Adapting Multicultural Marketing Strategies

Still, 1 in 4 companies are adapting their approach. The cost of “getting it wrong” has increased in recent years. No one wants to be in the position Budweiser was in after boycotts erupted in response to their partnership with a trans influencer. In response, some companies are taking a more cautious approach, while others are conducting more research before launching new campaigns.

Key Takeaways:

  • Multicultural marketing remains a strategic priority for many companies.
  • The economic power of diverse consumers is driving budget increases.
  • Uncertainty and cost-cutting pressures are impacting some budgets.
  • Companies are adapting their strategies to navigate the changing landscape.

What does this mean for the future? While challenges exist, the prevailing sentiment among many practitioners is that multicultural marketing represents a pivotal avenue for growth. Companies adept at strategically maneuvering through these changes and placing a premium on comprehending diverse consumer demographics will undoubtedly find themselves poised for success.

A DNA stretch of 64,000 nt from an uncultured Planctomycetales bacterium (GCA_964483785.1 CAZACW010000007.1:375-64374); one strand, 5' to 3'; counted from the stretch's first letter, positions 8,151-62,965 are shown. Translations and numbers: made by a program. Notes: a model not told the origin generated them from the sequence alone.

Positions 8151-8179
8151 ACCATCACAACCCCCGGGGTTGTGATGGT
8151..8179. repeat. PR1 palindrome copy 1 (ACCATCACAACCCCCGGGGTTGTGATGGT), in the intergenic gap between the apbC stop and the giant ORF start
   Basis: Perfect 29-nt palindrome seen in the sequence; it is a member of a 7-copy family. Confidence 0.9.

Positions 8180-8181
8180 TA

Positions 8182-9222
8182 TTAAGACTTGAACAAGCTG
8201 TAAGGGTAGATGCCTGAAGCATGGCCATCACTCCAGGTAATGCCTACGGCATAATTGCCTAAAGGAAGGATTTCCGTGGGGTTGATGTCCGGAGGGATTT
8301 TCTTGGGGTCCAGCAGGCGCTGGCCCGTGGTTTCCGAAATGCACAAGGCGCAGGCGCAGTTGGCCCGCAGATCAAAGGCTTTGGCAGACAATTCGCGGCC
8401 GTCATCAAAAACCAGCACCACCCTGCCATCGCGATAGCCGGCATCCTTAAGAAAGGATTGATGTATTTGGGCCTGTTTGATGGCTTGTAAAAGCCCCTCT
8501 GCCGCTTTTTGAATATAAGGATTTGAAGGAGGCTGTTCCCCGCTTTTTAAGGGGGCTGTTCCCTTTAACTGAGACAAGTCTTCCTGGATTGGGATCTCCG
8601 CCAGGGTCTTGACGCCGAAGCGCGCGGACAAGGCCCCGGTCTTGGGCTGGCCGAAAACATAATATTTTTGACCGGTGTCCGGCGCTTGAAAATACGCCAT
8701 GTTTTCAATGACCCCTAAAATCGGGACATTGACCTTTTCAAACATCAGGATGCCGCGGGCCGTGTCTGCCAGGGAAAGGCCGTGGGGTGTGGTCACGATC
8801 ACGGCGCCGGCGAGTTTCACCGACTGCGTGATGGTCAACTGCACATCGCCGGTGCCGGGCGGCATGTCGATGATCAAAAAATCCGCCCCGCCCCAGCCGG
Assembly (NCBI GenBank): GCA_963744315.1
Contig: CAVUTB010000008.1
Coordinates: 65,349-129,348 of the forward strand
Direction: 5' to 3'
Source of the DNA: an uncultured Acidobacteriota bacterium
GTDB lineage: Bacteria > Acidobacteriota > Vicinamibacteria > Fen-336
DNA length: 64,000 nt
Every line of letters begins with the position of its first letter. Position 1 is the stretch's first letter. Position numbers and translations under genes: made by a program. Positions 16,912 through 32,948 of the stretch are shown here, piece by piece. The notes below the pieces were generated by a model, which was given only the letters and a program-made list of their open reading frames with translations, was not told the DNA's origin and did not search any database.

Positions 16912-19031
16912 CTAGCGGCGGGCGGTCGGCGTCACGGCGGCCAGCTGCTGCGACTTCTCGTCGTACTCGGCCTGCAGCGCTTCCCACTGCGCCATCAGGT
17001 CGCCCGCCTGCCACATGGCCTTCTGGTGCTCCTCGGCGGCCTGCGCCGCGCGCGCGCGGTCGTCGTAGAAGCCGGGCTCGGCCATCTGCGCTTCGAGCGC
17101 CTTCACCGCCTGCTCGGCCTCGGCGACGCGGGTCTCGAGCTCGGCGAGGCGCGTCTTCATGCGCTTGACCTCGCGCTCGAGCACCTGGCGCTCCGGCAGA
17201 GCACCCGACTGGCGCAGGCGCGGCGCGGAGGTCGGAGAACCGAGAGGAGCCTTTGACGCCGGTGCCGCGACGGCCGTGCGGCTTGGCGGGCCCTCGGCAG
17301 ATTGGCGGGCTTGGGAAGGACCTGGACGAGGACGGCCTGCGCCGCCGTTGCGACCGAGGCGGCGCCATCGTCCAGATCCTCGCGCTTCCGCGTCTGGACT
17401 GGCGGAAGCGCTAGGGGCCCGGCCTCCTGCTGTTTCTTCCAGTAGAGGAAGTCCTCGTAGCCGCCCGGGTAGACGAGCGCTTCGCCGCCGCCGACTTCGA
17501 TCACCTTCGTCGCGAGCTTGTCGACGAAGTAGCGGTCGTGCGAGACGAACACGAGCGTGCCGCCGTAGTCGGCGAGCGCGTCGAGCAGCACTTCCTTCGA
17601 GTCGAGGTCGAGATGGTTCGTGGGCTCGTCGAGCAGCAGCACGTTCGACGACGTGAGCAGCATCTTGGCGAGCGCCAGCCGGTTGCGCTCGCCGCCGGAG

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Can the Insights Industry See Itself Clearly?

As Women's History Month approaches each year, the remarkable strides women have made in business become increasingly clear. However, despite these advancements, certain industries, such as the insights industry, continue to struggle with leadership inequities and a lack of workforce diversity.

While the insights industry prides itself on understanding and reflecting diversity in consumer populations, this awareness often stops short within its own workforce. This creates a troubling gap: the voices informing strategies may be representative, but the decision-makers interpreting and implementing those insights remain predominantly homogenous.

This lack of diversity leads to blind spots and missed opportunities, potentially limiting strategy effectiveness and perpetuating biases. Closing the gap between measured and internal diversity unlocks the full potential of insights, creating more opportunities across the board.

In this episode of The New Mainstream podcast, Ali Henriques, Global Director of Research Services at Qualtrics, delves deeper into leadership diversity and its impact on recruiting and retaining diverse talent.

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Beyond Stereotypes: Embracing Specificity for Authentic Multicultural Marketing